One of the main motivators for taking a break from training this year was that I was getting sick of seeing the same non-triathlon goals on my life list year after year, and never doing anything proactive towards achieving them. It took me a while to accept the fact that it just wasn’t realistic to seriously take on any new hobby – such as practicing photography, playing guitar, taking a pottery class, learning to sail, getting additional scuba diving certifications, or learning web design skills – “off the side of my bike”, as it were. Now that I have made the leap, everyday is full of new and exciting opportunities for learning and creative expression. I am LOVING being a beginner again it’s incredibly fulfilling to be taking on some of these goals I’ve been dreaming about for over 10 years.

I have been too long on this blog a reporter of creativity and not much of a producer or a creator.  I am not ready at this instant to set a goal in this regard but but I can promise to set one by the end of this week.

Sunday, February 13, 2011

drawing a bike from memory

I'm at my mother's computer and am using that as my excuse for not drawing a bike.  Still, if you want to, this website is asking for submissions.

Part of the rationale for asking for these drawing is to see if people understand how bikes work.

“… The bicycle drawing test is mostly testing how effectively your casual observation skills translate to memory and later recall. Just having good hand-eye coordination won’t be any advantage unless you are looking at the bike and trying to draw it.
I believe that what this test really reveals is that our memories are highly edited versions of the truth. The brain constantly simplifies the objects in our daily lives to symbolic representations that are easier to remember.”
What i like about the pictures are the extraneous details.  I would have simply drawn the bare bones of the bike, but some of the featured photos show bikes in use, with riders and backgrounds.  The pictures change from architectural practice to emotion-laden objects.

Tuesday, February 8, 2011

teaching yourself to harness the wind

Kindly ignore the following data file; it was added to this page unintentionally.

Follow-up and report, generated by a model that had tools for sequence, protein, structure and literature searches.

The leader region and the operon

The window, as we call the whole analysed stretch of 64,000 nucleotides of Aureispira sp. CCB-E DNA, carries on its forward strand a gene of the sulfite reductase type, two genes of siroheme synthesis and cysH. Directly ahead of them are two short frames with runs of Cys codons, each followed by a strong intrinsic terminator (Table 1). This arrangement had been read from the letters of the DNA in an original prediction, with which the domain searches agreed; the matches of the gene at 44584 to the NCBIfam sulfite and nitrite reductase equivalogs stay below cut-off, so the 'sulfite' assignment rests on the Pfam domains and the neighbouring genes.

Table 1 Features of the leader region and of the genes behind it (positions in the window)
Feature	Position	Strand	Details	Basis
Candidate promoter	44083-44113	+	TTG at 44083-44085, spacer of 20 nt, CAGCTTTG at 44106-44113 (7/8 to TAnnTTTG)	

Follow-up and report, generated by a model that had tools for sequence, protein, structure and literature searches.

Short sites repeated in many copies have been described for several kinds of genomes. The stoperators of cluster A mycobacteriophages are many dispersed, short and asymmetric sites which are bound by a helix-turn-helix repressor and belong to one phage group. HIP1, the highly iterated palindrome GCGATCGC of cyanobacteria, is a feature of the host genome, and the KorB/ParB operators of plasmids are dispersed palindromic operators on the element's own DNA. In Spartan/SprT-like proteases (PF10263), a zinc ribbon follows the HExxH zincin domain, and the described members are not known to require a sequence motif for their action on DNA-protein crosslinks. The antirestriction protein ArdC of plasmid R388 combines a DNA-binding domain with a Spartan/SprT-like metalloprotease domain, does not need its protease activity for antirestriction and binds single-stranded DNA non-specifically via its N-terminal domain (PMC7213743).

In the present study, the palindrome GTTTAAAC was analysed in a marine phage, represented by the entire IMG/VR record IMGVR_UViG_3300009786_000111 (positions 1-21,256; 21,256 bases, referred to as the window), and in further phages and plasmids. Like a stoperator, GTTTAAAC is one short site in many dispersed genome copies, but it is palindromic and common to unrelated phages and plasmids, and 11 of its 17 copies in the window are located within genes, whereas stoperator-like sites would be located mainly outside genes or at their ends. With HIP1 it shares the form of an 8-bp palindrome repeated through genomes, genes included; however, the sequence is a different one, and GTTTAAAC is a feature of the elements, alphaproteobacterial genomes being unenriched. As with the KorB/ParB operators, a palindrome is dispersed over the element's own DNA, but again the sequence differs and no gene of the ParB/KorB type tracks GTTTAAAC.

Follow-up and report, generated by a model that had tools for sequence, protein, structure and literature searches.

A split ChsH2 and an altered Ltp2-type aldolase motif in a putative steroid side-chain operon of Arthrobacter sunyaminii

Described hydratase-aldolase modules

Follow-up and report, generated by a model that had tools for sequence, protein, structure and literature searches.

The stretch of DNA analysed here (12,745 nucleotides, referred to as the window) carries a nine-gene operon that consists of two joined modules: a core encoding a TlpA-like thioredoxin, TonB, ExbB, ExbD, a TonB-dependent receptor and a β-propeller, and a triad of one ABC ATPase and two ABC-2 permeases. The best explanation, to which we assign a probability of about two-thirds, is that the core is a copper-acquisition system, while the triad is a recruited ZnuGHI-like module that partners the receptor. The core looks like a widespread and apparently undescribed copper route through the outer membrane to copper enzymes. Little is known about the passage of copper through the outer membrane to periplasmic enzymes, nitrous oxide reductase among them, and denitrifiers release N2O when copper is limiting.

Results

A boy in Malawi who was unable to attend school taught himself how to read and then read a book about wind turbines.  This interested him so much that he built his own electrical generator to power a few lights and radios in his hut.  Neighbors jeered until the setup worked.
The book.  Via Boingboing which had this to say:
Undaunted by poverty or the famines that affected his country, William taught himself by studying the books in the library of an elementary school in his village. In 2002, when he was 14 years old, he went to the library to find out what the English word "grapes" meant and he stumbled across a science book for elementary school students called Using Energy. William says that finding this book was the trigger that changed the course of his life.
He had a difficult time reading the book, but he pored over its diagrams for motors and generators, and eventually came up with the idea of building an electricity-generating wind turbine. His village did not have electricity (in fact, only 2% of Malawi receives electricity service, and that service is very spotty), and he dreamed of being able to read at night in his house....

Friday, February 4, 2011

Wednesday, February 2, 2011

Jason renshaw on creativity and teaching ESL

He was interviewed by TEFL.net.  Here's an excerpt and follow the link for more.
I guess I have always been full of ideas, and I think that can be traced to five aspects of my childhood:
1. Growing up without much in the way of TV or video games.
2. Being crazy about Lego from a very young age (and never all that interested in making the model on the box cover – always wanted to make new stuff!).
3. Spending my formative teenage years in a tiny rural town in Victoria, where to have fun you needed to be creative!
4. Being an avid reader and story-writer all the way through school.
5. Being a regular player (and later gamemaster and materials writer) of adventure role-playing games.
Other than that, I think I’ve been heavily influenced by my father in terms of always doing a job to the best of your ability, including being willing to challenge authority or the “done thing” when and where necessary. I had a range of different jobs (everything from supermarket work to managing pubs and even tourism marketing) before getting seriously into teaching, which gave me a good wide perspective about living and working, but also gave me chances to be creative in roles one might otherwise assume were boring or without much scope for thinking outside the box. I also went to one of Australia’s most prestigious universities and found it awfully stuffy… I think rebellion is a natural part of a lot of the creativity we see in people!

via his own blog.